Written by Cindy Palin
Each follower of Christ chooses to live out God’s plans instead of their own. What does this commitment mean during a global crisis? What should a Christ-like leader’s first response be?

Regardless of what it should be, fear is often our first response to any crisis. Fear because we feel out of control; fear we won’t get what we want; fear of discomfort. We aren’t immune to fear, to surprise, or to getting caught off guard.

Fear can manifest in anger, defiance, or running away. Fear can often turn into harsh words or foolish arguments. God’s people are not immune to these things.

Yet we also know God’s ways are not our ways. We can’t rely on our own knowledge or instinct. We can’t trust our first reactions.

We may not have an exact policies and procedures manual for every situation, but we do have the Bible. Godly training and practice helps our first response to be patterned after Christ.

When Jesus entered the gates of Jerusalem, the Jews expected a King to conquer Rome. Instead, He humbled Himself and died on a cross. His timely silence was not cowardice. It was courageous trust in God’s resurrection power.

Recently during a work lunch, I found myself surrounded by outcries about the pandemic. Quickly, I found a quiet place to process; I knew I needed the wisdom of a timely silence. Otherwise, my words would be no more than a resounding gong or clanging cymbal (1 Corinthians 13:1).

Prayer and reading Scripture help me process like nothing else in this world. Scripture gives examples of God speaking throughout history. I always ask myself, How might His approach or answers in history be applied to the current situation?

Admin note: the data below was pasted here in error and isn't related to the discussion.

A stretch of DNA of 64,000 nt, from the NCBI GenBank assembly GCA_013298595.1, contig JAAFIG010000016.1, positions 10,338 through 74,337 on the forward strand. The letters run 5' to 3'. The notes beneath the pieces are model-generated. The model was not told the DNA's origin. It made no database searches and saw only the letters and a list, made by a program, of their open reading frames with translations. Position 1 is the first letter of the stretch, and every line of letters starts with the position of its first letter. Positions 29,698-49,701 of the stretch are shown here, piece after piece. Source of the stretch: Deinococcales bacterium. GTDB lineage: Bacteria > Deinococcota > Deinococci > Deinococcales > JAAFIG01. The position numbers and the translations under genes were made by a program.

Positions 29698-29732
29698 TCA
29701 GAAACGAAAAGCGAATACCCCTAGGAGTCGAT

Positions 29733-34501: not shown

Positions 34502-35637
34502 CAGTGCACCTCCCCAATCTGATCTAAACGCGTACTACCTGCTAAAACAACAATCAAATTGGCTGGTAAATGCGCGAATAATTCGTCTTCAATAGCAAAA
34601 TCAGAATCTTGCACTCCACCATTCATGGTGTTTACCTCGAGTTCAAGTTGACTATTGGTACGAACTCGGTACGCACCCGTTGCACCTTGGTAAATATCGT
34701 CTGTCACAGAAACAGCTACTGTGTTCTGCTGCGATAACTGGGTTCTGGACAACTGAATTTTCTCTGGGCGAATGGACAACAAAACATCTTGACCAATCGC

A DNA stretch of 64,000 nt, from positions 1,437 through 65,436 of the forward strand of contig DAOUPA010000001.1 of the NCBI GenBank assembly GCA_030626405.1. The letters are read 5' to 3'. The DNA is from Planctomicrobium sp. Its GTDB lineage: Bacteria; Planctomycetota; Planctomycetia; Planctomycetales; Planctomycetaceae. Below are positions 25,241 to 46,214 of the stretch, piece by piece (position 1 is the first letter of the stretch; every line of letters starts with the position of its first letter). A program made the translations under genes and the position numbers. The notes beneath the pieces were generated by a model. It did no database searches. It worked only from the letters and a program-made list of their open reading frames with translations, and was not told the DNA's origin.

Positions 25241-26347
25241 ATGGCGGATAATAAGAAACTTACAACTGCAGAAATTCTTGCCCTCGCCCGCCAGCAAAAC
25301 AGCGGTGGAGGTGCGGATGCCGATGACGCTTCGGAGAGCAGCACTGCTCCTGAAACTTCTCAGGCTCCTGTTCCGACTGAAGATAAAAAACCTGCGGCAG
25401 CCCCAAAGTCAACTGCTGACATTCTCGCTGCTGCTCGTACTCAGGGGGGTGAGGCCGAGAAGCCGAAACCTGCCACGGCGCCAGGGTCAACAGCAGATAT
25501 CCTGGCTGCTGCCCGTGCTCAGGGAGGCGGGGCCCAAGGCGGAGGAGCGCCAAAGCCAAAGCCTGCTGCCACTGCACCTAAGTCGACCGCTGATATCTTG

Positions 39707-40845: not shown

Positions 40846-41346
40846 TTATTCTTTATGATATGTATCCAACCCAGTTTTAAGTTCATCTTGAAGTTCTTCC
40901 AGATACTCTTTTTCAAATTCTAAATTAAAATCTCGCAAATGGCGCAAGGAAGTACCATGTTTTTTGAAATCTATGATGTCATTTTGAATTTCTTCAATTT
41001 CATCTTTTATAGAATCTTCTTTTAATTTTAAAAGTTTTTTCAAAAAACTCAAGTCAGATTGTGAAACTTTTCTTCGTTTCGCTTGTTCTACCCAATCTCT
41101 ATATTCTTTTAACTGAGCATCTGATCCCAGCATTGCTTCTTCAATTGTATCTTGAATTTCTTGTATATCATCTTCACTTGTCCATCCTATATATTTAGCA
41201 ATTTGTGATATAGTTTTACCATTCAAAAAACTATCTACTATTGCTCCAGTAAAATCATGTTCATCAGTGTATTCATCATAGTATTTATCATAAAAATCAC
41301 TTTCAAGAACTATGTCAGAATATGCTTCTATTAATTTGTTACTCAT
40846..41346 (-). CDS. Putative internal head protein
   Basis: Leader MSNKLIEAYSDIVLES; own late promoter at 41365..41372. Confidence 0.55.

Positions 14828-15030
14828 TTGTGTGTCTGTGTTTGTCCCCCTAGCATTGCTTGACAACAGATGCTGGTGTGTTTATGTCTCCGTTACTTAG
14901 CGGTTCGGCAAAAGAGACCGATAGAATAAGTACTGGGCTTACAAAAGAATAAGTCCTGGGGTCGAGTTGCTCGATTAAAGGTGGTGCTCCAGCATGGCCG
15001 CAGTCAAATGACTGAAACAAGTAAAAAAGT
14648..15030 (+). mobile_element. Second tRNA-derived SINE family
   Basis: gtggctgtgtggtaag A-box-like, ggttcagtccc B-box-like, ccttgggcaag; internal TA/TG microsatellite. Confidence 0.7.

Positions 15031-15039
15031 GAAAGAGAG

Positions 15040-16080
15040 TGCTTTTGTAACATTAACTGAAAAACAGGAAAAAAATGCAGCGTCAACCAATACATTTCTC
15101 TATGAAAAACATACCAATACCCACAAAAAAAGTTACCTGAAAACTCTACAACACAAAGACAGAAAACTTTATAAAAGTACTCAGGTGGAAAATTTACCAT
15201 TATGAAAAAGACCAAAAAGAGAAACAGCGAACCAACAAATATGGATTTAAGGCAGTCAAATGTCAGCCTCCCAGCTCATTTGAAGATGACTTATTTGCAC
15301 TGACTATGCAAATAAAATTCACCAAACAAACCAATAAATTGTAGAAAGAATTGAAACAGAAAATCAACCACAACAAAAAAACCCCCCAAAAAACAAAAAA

God’s Word gives explicit instructions for living, training, and teaching—for trouble and for triumph. And His Word is for right now, just as it was for past ages. As believers and leaders, God’s truth prompts us to ask important questions:

Do we welcome godly discipline so we’re prepared for what each day brings, even a pandemic?
Are cultural influences lulling us to sleep?
Are we getting distracted by foolish arguments and conspiracy theories?
Are our words speaking life or death?
Are we big enough to be small enough to ask for help?
Is our leadership emphasising the message of the gospel or subtracting from it?

While I processed the outcries and questions in that quiet place, I gleaned instruction in the form of a song. The lyrics reference Scripture passages, lovingly reminding me of Truth, pushing me towards compassion, and giving me courage in the face of uncertainty.

We shouldn’t be surprised by the fiery trials that come our way. Instead, we should humble ourselves and allow God’s resurrecting power to give us hope for new life.

As scary as it is, let’s not settle for only half of what He has for us, but let Him take the lead. Let us courageously go to the edge where God can refine us and shine through us. Let us mourn with those who mourn, but also celebrate the growth, fruit, and hope we have for eternity.

Here is the song I wrote that day. Its words pointed me towards what a leader’s first response should be: humility and submission.

Lead me

Always a surprise when it shouldn’t be
Suffering is the norm, risking everything
I don’t want to breathe half of what you planned
Take me by the hand
and lead me to the edge where the battle burns
where the lost are found, where the hungry yearn
where the fertile ground grows a fruitful tree
Lead me.
Always a steep climb when my knees are weak
Broken and contrite, is my offering
I can hear you breathe courage to my soul
Show me where to go
and lead me to the edge where the battle burns
where the lost are found, where the hungry yearn
where the fertile ground grows a fruitful tree
Lead me.